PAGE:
By Tom Manus and Kristi Flick Manus
By Kris Leonhardt
For an avid reader, history enthusiast and traveler, Secret Wisconsin: A Guide to the Weird, Wonderful, and Obscure is an eye-opening read on some of Wisconsin’s mystiques.
Husband and wife authors, Tom Manus and Kristi Flick Manus, are freelance travel writers for print and online publications who enjoy back road trips.
The book should be titled “Hidden in plain sight.”
The couple’s ventures have dug up some hidden Wisconsin gems that you are not likely to find anywhere else.
One story involves a piece of the five-ton Soviet satellite, Sputnik IV, which fell from the sky during reentry on Sept. 5, 1962, and left its permanent mark in the city of Manitowoc.
While the Sputnik accident may be a matter of common knowledge, the mark that it left on a city street for future generations is an inconspicuous marker that might be overlooked by the unaware eye.
While the 20-pound piece was returned to Russia, a life-size replica is housed in a Manitowoc museum, while the crash site is noted in a more visible place.
A metal ring marks that location, embedded in the pavement, in the center of Manitowoc’s Eighth Street, just north of its Park Street intersection.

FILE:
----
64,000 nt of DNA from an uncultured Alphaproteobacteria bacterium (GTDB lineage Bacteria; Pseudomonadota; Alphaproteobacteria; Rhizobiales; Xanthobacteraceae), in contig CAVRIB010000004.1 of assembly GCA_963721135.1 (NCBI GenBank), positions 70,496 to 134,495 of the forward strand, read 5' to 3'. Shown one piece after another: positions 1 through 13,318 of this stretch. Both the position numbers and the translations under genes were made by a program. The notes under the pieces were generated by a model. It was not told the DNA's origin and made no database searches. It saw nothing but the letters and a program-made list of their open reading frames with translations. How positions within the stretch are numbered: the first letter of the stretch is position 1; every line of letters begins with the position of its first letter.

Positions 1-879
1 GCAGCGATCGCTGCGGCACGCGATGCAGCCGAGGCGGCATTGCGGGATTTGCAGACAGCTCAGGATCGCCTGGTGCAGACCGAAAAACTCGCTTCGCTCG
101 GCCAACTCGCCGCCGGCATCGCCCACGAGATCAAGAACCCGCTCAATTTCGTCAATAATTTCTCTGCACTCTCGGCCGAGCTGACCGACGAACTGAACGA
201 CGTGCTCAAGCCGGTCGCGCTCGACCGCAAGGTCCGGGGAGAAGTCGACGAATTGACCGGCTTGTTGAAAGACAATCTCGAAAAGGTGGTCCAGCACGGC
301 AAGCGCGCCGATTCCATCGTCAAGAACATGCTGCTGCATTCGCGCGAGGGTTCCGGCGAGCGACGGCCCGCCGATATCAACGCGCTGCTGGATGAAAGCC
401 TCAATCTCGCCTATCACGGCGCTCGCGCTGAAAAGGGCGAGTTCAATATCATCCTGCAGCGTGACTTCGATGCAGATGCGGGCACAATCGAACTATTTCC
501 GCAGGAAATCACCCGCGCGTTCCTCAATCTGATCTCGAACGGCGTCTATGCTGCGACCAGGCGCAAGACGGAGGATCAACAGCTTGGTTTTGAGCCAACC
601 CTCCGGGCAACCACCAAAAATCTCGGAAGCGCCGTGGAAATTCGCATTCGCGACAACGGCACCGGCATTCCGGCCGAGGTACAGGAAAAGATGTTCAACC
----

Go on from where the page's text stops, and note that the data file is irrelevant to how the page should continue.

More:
Farther south, a Grafton chair company made its mark in Wisconsin history due to a 1920s marketing plan.
The Wisconsin Chair Company was manufacturing chairs and phonograph (record) cabinets and while the chairs were selling well, the cabinets were another story.
To increase sales, the company decided to include records with their phonograph cabinets.
“Soon, Paramount started recording 78 rpm records in a chair factory in Grafton,” the book notes.
“Paramount started producing blues recordings (called ‘race records’ at the time) in 1929. They contracted with furniture store owners around the South who acted as talent scouts and arranged for the musicians to travel north to the Grafton studio and record. Trains arrived from all over the South with artists aboard who would become legendary. Louis Armstrong, Ma Rainey, Charley Patton and Skip James are just a few. A small all-white, polka-loving factory town became pivotal in an influential musical genre, and Paramount Records grew into the country’s most crucial producer of blues records.”
When the Great Depression hit, Paramount stopped recording and a few years later, the chair company closed down.
Today, a monument stands in Grafton to commemorate the Paramount recording studio, though the factory has long been demolished.
The book features a little less than 100 tales of the obscure, but often significant, history that is unique to our state.